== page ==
The Sandman: Endless Nights by Neil Gaiman
Having just finished the 10-volume epic SANDMAN saga, it’s hard to imagine anything that can top this achievement. In aggregate, it is certainly the most ambitious comic of its time, and having depicted the character arc of Dream, also known as Morpheus and the Sandman, there is isn’t much to add to that. At the same time, since the Endless have lived for the lifetime of the current universe (and perhaps previous iterations), there are an infinite number of side-stories that Gaiman could conceive. So it was inevitable that he would choose to pen some stories that featured each of the Endless — this project itself could be endless, if there’s enough demand from Sandman fans.
Endless Nights has a story about each of the Endless, each penned by different artists whom Gaiman chose to best represent the unique aspects of each Endless sibling and their stories. As such, your impressions of the story will be greatly affected by the artists, and in the case of Despair (“Fifteen Portraits of Despair”) and Delirium (“Going Inside”), the stories are suitably grim and disorienting, respectively. The writing is also fragmented into poetic and cryptic snippets, so their stories are not so much stories as montages. In the case of Delirium, it makes perfect sense that the images and words are chaotic, disturbing, and somewhat crazed. It doesn’t make for easy reading. In the case of Despair, I just couldn’t understand what the story was about, but the artwork is suitably creepy.
My favorite stories were about Death (“Death and Venice”), Desire (“What I’ve Tasted of Desire”), and Destruction (“On the Peninsula”).
The story of Death is a haunting one set on an island off the coast of Venice, where a disillusioned soldier on leave recalls his brief encounter with Death as a child, and then he has his second encounter with her as they crash the idyllic party of some decadent immortals who think themselves immune to death. The artwork by P. Craig Russell is precise, evocative, and pleasing, which is no surprise as he also did the legendary “Ramadan”.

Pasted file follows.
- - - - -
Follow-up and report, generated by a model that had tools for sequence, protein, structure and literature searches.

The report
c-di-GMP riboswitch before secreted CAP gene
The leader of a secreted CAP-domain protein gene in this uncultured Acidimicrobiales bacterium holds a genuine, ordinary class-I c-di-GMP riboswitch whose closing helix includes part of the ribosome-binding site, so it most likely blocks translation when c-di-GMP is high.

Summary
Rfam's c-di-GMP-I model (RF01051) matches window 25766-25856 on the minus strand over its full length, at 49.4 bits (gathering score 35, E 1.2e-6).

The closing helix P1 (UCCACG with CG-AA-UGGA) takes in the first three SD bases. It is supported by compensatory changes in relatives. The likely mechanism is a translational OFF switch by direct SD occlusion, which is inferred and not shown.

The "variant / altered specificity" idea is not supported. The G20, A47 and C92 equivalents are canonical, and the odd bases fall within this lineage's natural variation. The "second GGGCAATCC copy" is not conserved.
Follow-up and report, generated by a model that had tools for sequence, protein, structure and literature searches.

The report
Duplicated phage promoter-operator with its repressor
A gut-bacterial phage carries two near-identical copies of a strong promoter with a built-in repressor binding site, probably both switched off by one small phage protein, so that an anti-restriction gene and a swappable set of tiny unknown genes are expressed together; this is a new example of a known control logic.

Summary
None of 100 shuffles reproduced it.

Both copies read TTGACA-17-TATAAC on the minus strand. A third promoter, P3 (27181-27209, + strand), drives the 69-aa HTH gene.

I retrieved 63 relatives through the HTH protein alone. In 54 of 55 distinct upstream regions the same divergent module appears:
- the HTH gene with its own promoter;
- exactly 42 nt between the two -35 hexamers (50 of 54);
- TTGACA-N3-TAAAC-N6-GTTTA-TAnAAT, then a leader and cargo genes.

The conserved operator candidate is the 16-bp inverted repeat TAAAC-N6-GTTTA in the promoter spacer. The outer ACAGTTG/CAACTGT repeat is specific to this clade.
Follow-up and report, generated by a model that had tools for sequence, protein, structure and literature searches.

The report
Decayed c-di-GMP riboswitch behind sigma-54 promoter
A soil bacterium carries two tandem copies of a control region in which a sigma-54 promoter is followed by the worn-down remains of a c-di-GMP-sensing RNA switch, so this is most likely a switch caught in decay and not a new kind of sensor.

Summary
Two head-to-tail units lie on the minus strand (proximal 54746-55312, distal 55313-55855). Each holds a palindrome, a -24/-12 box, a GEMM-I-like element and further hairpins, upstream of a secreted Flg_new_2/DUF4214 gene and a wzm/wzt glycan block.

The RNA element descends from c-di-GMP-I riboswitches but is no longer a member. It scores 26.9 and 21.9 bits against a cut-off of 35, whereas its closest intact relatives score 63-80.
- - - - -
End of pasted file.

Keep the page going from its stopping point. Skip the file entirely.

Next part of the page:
Desire’s tale is definitely the most sexually-charged, a fable of a young woman in early Britain who desires the handsome but playboy son of the village leader. She cuts a deal with Desire, but in typical fashion, the passions that are ignited do not conform to expectations. It reminded me a bit of the Wildlings of the North in A Game of Thrones.
The story about Destruction features my favorite, by Glen Fabry, and is a mysterious story about a remote island in the Mediterranean, where some archaeologists have unearthed some strange objects apparently from the future. The story actually features both Destruction and Delirium, and just like in previous Sandman stories, Destruction is a deeply thoughtful being, nothing like what you might expect, and is always ambivalent about his past life.
The final story about Destiny (“Endless Nights”) is more of a brief coda or book end, and hardly counts, though that is understandable considering that Destiny is a passive figure who knows the life of all people based on the book he carries, but he does not create or affect these life paths but merely observes. It always struck me that his role was fairly pointless, for that reason.